Russian Threat Group May Have Devised a 'Man-on-the-Side' Attack

Data from an intrusion last year suggests Iron Liberty group may have a new trick up its sleeve, Secureworks says.

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Iron Liberty, a Russia-based cyber espionage group known for targeting energy, nuclear, and defense organizations worldwide, may have developed a dangerous new technique called a "man-on-the side" attack.

Secureworks warned about the new threat in a report this week describing a "man-on-the-side" (MOTS) attack to install malware. The security firm says MOTS differs from a typical man-in the-middle (MITM) attack.

"The difference between MITM and MOTS is straightforward," says Don Smith, senior director of the Counter Threat Unit at Secureworks. "With MITM, the attacker is present on infrastructure the traffic is traversing and can tamper with it," he says. "With MOTS, the attacker has sufficient access to observe and inject traffic which through timing/bandwidth is consumed by the victim before the legitimate reply arrives."

The security vendor's theory is based on its analysis of a campaign last year where Iron Liberty actors managed to install a malware tool called Karagany on a target system without leaving any trace of how they did it. According to Secureworks, its research showed no evidence of a phishing email, drive-by-download, or a malicious link being used to drop the malware on the system.

Secureworks' forensic analysis showed that Karagany was installed on the system shortly after its user initiated a legitimate request to download Adobe Flash over HTTP from Adobe's official website. Logs showed that Karagany was installed on the system in the short period of time during when the user request was initiated and the Adobe file was downloaded.

Secureworks found that Kargany files were dropped on the system just 20 seconds after the initial Flash Player binary was downloaded, and by 27 seconds, additional malicious files were downloaded on the system.

Multiple Explanations

"There are several credible explanations for how the Karagany payload was delivered alongside the Adobe installer file," Secureworks said in its report. But none of them appeared very likely in this case, the company said.

For example, the malware could have been downloaded if Adobe's website had been compromised. But Secureworks' investigation showed no indication that such a thing had happened during the compromise timeframe.

Another possibility was that someone with access to the victim organization's internal or gateway systems had intercepted and manipulated traffic between Adobe and the infected system in a typical MITM attack. Here again, Secureworks was unable to find any signs that such activity had taken place. A third possibility, which Secureworks similarly deemed unlikely, was a Border Gateway Protocol (BGP) attack where the user's traffic was routed through attacker-controlled systems.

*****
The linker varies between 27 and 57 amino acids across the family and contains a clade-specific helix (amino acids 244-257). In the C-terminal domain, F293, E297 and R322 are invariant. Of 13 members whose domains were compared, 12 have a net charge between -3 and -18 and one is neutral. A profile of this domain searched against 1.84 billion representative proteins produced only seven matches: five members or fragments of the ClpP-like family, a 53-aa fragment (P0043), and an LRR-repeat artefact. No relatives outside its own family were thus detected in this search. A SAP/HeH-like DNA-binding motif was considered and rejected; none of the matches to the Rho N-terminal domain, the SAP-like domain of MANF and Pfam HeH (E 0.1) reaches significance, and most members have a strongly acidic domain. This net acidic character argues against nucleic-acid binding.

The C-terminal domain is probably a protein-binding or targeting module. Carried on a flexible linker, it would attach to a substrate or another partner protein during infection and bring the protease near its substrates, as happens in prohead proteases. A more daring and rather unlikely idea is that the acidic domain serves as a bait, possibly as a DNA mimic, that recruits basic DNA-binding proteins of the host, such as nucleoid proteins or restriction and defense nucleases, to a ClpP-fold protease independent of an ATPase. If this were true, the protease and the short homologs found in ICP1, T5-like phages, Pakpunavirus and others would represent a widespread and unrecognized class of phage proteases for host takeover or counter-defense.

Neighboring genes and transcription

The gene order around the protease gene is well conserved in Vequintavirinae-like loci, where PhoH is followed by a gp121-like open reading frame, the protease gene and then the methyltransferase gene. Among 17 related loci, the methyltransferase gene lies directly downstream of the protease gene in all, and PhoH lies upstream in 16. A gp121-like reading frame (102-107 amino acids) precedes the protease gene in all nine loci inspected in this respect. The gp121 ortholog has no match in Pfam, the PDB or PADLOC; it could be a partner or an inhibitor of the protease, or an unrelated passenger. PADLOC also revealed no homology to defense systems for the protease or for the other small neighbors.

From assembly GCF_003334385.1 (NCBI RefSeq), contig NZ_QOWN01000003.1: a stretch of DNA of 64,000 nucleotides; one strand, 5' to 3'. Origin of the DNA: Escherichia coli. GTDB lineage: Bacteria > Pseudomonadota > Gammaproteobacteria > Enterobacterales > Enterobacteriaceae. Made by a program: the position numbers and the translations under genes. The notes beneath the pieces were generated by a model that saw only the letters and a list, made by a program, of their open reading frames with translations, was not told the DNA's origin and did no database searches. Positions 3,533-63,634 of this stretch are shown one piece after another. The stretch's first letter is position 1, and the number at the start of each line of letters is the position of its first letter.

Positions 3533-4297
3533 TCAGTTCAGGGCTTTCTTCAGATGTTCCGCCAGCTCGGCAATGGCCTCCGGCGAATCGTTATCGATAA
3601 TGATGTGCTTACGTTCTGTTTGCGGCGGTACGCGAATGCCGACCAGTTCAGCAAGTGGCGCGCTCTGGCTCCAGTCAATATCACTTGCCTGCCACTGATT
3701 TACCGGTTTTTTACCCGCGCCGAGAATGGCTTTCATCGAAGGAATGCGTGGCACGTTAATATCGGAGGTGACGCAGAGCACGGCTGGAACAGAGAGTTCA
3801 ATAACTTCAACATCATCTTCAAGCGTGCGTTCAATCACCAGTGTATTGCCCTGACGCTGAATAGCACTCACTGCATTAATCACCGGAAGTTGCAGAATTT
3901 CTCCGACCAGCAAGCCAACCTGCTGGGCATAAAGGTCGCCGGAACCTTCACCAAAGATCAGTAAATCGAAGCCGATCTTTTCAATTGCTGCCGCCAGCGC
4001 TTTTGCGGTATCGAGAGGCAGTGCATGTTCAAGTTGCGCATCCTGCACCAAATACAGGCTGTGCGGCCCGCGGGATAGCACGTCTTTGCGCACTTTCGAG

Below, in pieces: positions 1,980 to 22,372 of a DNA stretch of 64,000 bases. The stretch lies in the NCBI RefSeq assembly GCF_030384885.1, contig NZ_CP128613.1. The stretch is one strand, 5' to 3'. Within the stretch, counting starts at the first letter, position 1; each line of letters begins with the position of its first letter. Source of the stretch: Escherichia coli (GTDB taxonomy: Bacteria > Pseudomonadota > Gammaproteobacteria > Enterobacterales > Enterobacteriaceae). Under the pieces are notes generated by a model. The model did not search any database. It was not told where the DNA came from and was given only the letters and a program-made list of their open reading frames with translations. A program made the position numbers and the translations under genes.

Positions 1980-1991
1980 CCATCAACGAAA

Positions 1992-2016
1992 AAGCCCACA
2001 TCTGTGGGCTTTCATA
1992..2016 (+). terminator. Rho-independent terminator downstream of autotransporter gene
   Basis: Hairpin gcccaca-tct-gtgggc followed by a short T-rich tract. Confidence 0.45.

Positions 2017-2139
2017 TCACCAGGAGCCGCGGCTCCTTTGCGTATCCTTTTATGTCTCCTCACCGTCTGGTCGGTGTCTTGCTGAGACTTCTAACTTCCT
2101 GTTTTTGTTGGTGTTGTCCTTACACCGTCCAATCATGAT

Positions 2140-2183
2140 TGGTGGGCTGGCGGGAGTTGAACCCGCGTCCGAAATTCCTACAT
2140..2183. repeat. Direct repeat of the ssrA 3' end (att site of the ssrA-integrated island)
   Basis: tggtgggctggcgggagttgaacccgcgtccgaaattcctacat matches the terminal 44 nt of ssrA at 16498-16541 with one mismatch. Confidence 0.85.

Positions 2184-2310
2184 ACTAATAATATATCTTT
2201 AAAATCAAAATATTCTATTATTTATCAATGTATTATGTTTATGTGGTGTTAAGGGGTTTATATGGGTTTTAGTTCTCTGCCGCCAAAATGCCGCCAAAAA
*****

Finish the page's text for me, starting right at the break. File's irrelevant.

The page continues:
Instead, they believe the Iron Liberty actors likely managed to compromise a router outside the victim organization, and then used it to intercept the Adobe installer request and return a Trojanized response, Secureworks said.

"Being 100% clear, the traffic injection we saw in these cases could have come from Man on the Side or from Man in the Middle," Smith says. "We do not know how the fraudulent traffic was injected. [It] could have been router compromise or could have been traffic injection."

For enterprises, attacks like these are another reason not to implicitly trust anything on the Internet. Protecting against a man-on-the side attack is no different from dealing with a man-in-the-middle attack, Smith says.

Some common mitigating tactics include using SSL encryption and checking the hashes of files that are downloaded from the Internet to make sure they match with the original file.

With a man-on-the-side attack, there are two parties trying to respond to the same request and the bad actor's goal is to get in first, Smith says.

The only way to detect such activity would be to monitor the sequence of packets arriving in response to a request and looking for out of sequence packets arriving and likely being discarded. "You need to be extremely well instrumented to detect it," Smith says.

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About the Author(s)

Jai Vijayan, Contributing Writer

Jai Vijayan is a seasoned technology reporter with over 20 years of experience in IT trade journalism. He was most recently a Senior Editor at Computerworld, where he covered information security and data privacy issues for the publication. Over the course of his 20-year career at Computerworld, Jai also covered a variety of other technology topics, including big data, Hadoop, Internet of Things, e-voting, and data analytics. Prior to Computerworld, Jai covered technology issues for The Economic Times in Bangalore, India. Jai has a Master's degree in Statistics and lives in Naperville, Ill.

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